The Security Industry Authority (SIA) has released new research on public trust and confidence in the private security industry, carried out by BMG Research, which says six out of ten adults in the UK have trust in private security professionals.
This is the first research of its kind commissioned by the UK’s private security industry regulator.
It was carried out in two waves across two years from 2022 to 2023 to see whether public perceptions changed.
A survey of a nationally representative sample of 2,600 UK adults in 2022 and 2023, revealed that 6 in 10 people agree that they trust security professionals.
A similar proportion were also confident that they do their duties competently and effectively and act with integrity.
Those with a recent positive personal experience were more likely to have greater trust and confidence overall.
In addition, seven in ten survey respondents agreed that security professionals are necessary to maintain order and improve public safety.
Most felt safer due to a private security presence in various settings such as music concerts, sporting events, banks, hospitals, nighttime economy venues and retail premises.
Survey respondents and focus group participants were also asked about their understanding of regulation and perceptions of careers in private security.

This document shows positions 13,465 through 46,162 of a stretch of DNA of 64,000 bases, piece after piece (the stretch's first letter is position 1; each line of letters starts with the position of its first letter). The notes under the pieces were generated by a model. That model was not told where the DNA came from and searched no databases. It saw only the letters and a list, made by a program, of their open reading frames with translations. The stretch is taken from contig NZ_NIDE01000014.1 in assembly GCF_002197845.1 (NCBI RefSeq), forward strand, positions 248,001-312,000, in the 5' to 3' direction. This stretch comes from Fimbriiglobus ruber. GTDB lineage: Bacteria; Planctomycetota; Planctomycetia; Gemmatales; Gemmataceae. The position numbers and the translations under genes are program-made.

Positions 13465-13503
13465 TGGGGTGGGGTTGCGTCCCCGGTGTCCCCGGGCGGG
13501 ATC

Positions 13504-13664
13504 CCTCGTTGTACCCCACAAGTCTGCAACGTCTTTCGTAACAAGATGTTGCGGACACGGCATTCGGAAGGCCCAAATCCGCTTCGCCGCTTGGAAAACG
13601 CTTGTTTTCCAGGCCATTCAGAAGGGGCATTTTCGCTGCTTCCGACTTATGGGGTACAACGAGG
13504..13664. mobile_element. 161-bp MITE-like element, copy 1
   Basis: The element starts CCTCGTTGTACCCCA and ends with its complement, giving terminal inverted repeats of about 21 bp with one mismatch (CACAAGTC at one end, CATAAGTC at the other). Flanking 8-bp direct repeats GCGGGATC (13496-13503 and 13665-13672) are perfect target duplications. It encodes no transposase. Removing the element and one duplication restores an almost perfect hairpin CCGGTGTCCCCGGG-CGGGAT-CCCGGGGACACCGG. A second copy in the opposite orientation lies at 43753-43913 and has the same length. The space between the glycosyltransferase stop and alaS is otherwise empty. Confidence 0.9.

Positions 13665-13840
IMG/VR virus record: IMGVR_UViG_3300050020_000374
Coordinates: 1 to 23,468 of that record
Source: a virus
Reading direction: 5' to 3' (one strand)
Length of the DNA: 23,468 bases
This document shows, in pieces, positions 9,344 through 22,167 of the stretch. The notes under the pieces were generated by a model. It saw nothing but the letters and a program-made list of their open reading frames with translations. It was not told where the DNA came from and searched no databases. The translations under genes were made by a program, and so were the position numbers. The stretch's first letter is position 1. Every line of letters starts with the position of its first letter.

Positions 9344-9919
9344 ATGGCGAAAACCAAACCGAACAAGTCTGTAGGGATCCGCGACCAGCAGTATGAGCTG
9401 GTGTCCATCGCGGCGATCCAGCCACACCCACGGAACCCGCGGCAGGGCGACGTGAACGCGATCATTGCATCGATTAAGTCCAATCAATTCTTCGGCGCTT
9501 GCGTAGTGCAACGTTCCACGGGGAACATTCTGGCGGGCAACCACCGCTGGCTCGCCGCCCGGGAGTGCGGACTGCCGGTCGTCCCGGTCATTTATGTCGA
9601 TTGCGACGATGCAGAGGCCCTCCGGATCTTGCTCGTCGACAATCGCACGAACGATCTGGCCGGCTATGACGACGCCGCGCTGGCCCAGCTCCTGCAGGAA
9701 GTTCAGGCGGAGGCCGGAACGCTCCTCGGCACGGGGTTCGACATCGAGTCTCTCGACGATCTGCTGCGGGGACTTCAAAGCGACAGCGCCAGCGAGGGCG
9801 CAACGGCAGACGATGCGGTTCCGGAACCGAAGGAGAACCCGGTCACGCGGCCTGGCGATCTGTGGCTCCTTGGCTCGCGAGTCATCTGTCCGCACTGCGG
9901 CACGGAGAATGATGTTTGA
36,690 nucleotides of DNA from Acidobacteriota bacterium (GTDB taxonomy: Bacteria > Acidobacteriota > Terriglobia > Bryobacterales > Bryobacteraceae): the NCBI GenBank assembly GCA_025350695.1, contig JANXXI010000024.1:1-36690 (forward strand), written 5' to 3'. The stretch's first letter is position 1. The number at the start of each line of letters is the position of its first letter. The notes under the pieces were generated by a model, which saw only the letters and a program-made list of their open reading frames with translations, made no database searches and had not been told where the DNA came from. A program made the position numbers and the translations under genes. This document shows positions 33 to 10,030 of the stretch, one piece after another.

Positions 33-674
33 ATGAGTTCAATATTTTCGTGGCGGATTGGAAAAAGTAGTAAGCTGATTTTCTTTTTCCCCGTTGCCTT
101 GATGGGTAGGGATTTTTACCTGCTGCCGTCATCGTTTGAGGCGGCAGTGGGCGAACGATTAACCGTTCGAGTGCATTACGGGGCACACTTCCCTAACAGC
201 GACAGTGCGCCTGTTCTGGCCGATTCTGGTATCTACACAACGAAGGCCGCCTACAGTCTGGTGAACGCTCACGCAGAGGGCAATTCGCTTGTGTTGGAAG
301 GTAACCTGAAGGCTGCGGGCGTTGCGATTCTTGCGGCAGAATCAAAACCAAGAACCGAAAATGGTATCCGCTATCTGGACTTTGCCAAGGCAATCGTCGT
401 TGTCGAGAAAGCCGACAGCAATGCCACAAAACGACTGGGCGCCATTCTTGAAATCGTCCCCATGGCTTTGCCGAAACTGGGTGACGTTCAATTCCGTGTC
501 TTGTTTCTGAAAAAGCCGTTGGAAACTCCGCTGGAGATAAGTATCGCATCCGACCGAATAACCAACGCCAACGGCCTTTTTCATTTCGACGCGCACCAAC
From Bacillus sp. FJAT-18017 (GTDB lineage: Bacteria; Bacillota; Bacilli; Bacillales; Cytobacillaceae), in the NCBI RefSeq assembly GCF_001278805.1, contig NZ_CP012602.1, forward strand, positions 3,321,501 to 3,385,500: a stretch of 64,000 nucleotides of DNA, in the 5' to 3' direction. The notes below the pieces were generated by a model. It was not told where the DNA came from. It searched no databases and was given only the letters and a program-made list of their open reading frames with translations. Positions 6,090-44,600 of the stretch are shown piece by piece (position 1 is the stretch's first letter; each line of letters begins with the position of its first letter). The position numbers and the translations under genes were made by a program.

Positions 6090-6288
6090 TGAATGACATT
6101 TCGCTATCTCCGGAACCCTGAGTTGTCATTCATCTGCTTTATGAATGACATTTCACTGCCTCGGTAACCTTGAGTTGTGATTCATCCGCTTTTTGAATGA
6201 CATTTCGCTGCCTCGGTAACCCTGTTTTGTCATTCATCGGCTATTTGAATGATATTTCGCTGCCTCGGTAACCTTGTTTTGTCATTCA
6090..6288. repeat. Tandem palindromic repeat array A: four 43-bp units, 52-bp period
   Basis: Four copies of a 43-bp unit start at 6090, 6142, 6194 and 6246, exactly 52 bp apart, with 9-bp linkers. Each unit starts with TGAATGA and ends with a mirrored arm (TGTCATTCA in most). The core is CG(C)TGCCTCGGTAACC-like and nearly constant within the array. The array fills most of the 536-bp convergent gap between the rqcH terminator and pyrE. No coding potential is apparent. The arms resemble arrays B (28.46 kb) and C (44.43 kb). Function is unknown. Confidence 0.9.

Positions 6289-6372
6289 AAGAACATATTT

Whilst 70% agreed that people can be proud of working in the private security industry, most did not see it as a first-choice career.
“Public protection through effective regulation is the golden thread at the heart of what the SIA does,” said Michelle Russell, Chief Executive of the Security Industry Authority.
“That’s why it is important for us to understand public views about individual licence holders, the wider industry and us as a regulator.
“We are encouraged that the overall survey results demonstrate that most people have trust and confidence in private security operatives and agree they do important work.
“There is more that can be done, by both the SIA as a regulator and the industry as employers and deployers of security, to raise awareness of how the licensing regime and the work of private security protects the public.
“The overall stability of the findings across the two years indicate public views are slow-moving, so changing perceptions will likely take time.
“We are using the findings of this research to develop our strategic planning and stakeholder engagement activity and to inform our support for industry-led initiatives.
“We intend to continue to measure and monitor the effect this has on public perceptions of private security over time.”